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Big data requirements for artificial intelligence

In this article for the journal Current Opinion in Ophthalmology, Dr. Wang and her co-authors discuss the evolution of big data and artificial intelligence technologies in medicine, and describe some of the problems that must be addressed for big data to successfully enable the next generation of artificial intelligence.

Big data research has benefitted from important technological advances in recent years. Artificial intelligence research depends on large amounts of data, often collected from multiple institutions, in order to be most effective. More powerful computing resources, implementation of electronic health records, improved data collection, and efforts to create standards for data exchange have all helped researchers aggregate larger datasets. But there are still some important limitations to accessing big data for this kind of research, which the authors discuss in detail.

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Protecting Data Privacy in the Age of AI-Enabled Ophthalmology

In this commentary in the journal Translational Vision Science and Technology, Dr. Elysse Tom and her co-authors discuss digital data privacy in the era of "Big Data" and artificial intelligence. Although these new technologies offer many potential benefits for patients and for healthcare systems, there is a need for better data protection methods that can evolve with these advances.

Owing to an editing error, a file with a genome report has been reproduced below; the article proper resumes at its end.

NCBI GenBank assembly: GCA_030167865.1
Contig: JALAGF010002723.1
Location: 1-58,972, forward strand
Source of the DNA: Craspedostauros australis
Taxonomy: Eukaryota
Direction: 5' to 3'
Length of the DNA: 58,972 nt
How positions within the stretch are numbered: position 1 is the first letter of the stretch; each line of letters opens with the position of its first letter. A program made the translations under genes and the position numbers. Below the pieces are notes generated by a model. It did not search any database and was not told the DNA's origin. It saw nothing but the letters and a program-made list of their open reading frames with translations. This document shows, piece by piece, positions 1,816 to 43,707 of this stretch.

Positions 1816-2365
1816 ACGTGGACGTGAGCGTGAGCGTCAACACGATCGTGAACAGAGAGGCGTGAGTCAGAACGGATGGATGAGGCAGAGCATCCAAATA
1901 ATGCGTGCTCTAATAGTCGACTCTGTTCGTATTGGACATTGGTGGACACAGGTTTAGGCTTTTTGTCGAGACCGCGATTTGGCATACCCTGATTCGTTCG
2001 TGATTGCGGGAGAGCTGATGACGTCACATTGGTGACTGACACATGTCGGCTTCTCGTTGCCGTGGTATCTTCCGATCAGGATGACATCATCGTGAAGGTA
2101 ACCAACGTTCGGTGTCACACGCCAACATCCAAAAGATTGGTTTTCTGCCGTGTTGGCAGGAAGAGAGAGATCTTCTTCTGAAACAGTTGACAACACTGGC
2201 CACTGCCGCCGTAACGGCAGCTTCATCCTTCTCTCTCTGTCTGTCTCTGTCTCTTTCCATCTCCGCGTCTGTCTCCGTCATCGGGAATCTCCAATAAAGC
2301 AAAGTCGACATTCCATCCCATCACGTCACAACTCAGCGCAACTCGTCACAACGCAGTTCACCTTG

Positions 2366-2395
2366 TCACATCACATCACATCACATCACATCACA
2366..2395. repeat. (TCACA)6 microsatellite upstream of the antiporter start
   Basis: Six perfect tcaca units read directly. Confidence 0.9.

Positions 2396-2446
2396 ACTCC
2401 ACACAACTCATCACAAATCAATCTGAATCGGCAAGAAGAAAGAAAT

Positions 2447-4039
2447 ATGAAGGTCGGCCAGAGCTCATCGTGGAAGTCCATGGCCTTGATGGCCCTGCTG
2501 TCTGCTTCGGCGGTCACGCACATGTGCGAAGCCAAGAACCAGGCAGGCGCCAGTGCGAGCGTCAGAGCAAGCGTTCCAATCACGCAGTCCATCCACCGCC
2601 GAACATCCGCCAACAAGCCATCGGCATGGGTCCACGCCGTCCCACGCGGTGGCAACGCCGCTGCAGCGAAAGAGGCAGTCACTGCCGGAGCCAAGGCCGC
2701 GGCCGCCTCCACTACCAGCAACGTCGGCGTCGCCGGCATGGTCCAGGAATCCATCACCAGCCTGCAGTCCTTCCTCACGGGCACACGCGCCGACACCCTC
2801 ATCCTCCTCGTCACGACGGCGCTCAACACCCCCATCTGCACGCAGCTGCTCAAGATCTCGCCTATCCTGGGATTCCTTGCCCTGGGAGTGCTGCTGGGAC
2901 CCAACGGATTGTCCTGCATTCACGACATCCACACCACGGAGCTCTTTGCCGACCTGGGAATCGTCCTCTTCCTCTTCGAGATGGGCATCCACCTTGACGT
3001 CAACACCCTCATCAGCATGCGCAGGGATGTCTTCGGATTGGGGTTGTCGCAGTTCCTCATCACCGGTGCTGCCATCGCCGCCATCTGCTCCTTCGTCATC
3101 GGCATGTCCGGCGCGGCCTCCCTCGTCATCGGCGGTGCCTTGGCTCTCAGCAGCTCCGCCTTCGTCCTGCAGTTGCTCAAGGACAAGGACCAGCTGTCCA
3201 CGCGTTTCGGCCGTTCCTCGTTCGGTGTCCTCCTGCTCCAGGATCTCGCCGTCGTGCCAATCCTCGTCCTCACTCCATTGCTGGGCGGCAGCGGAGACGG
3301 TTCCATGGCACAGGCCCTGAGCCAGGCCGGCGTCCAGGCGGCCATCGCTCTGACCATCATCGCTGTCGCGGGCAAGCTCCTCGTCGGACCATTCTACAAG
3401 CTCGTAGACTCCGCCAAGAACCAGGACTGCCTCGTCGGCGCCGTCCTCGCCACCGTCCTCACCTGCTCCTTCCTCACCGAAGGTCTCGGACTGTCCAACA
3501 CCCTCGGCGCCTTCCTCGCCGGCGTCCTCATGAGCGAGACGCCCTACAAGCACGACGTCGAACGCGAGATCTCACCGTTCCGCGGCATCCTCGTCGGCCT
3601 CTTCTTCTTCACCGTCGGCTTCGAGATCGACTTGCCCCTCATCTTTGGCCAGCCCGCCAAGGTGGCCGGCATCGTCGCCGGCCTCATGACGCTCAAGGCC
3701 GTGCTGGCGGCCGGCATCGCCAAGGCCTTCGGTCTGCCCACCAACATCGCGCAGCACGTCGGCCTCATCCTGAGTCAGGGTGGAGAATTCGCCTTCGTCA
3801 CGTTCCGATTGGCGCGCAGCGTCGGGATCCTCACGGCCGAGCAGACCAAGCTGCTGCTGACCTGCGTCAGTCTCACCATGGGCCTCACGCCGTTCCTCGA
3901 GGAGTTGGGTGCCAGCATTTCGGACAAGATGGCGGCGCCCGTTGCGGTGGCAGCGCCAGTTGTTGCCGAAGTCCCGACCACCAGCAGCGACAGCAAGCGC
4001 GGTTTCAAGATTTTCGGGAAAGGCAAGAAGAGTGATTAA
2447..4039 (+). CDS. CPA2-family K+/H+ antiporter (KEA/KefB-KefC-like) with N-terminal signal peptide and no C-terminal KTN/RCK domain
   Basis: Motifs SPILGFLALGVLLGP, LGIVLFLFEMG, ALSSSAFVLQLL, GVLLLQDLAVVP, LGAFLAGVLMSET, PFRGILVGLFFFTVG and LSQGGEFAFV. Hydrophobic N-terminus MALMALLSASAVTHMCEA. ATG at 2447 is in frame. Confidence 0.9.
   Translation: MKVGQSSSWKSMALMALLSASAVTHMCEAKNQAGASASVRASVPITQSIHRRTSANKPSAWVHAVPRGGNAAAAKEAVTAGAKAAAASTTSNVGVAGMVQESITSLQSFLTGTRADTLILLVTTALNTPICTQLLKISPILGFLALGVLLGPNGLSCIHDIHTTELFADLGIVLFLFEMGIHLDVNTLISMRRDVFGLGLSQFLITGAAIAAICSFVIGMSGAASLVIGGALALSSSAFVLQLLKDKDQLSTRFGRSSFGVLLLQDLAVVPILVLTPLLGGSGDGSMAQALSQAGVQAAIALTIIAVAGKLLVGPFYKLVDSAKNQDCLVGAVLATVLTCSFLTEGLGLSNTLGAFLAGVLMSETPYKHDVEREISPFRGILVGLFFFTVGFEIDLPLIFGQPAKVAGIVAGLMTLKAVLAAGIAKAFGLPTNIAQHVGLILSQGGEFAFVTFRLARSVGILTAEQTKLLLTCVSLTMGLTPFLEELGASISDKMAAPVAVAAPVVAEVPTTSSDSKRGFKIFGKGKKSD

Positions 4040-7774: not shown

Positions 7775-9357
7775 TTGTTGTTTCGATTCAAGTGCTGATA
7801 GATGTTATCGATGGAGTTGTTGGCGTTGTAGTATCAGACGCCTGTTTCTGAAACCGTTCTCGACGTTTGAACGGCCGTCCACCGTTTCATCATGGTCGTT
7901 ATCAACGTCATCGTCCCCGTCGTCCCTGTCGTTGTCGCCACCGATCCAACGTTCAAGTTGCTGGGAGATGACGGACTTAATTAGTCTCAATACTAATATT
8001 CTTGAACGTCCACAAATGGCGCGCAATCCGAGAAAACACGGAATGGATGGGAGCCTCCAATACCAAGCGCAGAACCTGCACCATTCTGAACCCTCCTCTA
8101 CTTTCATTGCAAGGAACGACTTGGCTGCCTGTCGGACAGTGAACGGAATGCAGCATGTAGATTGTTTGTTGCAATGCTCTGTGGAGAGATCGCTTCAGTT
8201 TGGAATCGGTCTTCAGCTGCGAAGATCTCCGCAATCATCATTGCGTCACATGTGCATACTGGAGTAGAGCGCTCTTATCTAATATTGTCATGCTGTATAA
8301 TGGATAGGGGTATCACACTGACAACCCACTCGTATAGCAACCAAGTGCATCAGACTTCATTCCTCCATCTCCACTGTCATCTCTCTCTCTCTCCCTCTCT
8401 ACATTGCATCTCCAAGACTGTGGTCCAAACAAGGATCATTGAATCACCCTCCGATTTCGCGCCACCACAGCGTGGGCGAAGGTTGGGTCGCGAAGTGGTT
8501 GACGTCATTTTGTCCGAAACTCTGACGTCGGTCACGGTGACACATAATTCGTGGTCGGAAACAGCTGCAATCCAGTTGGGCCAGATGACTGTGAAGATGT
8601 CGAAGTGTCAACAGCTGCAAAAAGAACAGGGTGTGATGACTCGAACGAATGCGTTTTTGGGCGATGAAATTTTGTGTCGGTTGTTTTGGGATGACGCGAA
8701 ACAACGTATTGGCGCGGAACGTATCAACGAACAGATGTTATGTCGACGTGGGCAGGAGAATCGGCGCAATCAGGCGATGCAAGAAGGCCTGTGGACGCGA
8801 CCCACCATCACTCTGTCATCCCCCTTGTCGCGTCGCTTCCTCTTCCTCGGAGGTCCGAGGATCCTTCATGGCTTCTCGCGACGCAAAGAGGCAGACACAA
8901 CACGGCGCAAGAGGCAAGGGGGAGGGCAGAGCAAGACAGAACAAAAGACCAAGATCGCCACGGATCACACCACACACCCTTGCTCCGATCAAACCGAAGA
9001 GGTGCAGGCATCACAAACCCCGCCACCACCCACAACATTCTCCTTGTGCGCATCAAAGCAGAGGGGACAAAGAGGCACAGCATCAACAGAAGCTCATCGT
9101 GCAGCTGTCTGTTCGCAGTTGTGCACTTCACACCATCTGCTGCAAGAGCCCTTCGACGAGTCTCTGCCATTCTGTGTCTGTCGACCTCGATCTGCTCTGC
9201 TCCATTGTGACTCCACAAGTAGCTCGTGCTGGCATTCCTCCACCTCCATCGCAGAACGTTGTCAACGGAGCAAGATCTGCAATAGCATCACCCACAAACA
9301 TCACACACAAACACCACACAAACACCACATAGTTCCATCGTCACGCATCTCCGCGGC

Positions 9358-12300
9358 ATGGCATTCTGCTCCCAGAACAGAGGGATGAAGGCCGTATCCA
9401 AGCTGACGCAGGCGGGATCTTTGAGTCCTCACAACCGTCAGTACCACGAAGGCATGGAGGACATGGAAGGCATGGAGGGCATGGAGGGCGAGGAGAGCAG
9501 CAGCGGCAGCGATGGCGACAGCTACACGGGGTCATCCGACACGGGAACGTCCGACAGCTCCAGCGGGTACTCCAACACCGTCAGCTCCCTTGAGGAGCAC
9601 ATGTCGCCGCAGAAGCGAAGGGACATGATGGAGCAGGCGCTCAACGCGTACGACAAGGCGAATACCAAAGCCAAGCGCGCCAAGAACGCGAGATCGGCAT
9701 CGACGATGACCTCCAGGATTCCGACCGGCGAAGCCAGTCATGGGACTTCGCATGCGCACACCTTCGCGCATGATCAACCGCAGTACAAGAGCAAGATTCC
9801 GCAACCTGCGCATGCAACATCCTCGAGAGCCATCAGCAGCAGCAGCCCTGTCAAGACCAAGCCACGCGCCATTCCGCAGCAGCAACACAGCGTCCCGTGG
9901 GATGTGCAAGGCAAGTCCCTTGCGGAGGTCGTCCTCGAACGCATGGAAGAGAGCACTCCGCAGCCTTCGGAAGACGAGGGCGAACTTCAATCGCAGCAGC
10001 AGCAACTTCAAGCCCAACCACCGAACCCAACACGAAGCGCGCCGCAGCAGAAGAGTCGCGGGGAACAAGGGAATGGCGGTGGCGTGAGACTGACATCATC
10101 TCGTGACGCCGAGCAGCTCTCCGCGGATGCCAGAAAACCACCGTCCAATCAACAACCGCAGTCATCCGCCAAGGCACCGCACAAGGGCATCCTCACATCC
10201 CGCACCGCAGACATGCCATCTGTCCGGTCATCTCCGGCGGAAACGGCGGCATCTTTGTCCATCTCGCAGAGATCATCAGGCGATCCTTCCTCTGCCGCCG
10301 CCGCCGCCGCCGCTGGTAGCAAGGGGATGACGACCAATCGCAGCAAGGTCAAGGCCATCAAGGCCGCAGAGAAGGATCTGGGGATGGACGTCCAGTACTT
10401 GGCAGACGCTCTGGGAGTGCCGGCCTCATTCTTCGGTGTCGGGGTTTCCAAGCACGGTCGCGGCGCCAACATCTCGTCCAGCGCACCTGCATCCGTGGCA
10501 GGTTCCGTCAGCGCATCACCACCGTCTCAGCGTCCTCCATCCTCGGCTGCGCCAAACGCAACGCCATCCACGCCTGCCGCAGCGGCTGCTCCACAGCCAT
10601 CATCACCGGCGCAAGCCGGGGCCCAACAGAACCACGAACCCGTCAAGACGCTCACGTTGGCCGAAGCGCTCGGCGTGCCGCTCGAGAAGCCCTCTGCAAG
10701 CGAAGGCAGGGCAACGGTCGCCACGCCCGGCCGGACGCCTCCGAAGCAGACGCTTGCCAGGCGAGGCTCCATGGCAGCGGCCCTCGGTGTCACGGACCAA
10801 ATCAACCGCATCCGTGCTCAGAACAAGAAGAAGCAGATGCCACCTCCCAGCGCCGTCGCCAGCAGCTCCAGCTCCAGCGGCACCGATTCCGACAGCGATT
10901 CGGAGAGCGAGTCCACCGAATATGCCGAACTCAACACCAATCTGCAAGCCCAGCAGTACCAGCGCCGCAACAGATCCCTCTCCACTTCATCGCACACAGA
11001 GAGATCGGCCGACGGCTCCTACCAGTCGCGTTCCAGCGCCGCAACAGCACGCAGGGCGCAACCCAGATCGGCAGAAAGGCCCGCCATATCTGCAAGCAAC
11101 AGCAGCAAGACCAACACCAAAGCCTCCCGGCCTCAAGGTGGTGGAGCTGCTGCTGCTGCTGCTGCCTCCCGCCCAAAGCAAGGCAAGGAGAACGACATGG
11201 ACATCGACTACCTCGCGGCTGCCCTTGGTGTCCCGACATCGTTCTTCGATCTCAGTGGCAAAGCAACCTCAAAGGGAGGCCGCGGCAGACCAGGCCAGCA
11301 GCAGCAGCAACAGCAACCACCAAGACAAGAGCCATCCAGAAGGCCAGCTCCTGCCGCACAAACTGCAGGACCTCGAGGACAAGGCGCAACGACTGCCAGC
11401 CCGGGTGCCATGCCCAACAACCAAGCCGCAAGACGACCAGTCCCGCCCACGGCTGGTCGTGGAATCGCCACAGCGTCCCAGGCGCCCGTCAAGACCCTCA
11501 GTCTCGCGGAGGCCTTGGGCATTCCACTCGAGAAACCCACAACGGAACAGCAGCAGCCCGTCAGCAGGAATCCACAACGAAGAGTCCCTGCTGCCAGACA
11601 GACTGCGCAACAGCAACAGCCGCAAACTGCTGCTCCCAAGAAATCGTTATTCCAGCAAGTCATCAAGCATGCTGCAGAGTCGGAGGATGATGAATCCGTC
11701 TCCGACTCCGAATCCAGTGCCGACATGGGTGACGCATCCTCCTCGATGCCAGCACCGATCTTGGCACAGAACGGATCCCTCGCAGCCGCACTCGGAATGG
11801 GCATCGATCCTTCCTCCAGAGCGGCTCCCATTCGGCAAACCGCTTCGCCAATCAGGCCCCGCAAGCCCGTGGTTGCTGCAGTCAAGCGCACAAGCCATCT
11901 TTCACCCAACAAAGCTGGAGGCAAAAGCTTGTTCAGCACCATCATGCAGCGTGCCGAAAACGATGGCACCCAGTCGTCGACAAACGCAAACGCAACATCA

The authors discuss some of the ethical issues associated with the use of these increasingly large clinical datasets, noting that maintaining data privacy and confidentiality-and thus respect for persons-is a challenge. For example, breaches of patient privacy can cause major harms and can also have unintended consequences, such as impacting employment or insurance coverage or allowing hackers to obtain Social Security numbers and personal financial information.

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Predictors of Narrow Angle Detection Rate-A Longitudinal Study of Massachusetts Residents Over 1.7 Million Person Years

In this large retrospective study published in the journal Eye, Dr. Cecilia Lee and her co-authors reviewed data from a Massachusetts claims database to assess how certain risk factors for glaucoma are detected and diagnosed during an eye exam. The authors compared outcomes from both ophthalmologists and optometrists to determine if there were any differences in how often they referred at-risk patients for further evaluation and treatment.

Primary angle closure glaucoma is one of the leading causes of blindness worldwide, affecting ~26% of the glaucoma population globally. Timely detection of occludable narrow angles (condition that can sometimes progress to primary angle closure glaucoma) in patients who are at risk is a key method of prevention. If indicated, patients can be referred for laser peripheral iridotomy to prevent more serious outcomes.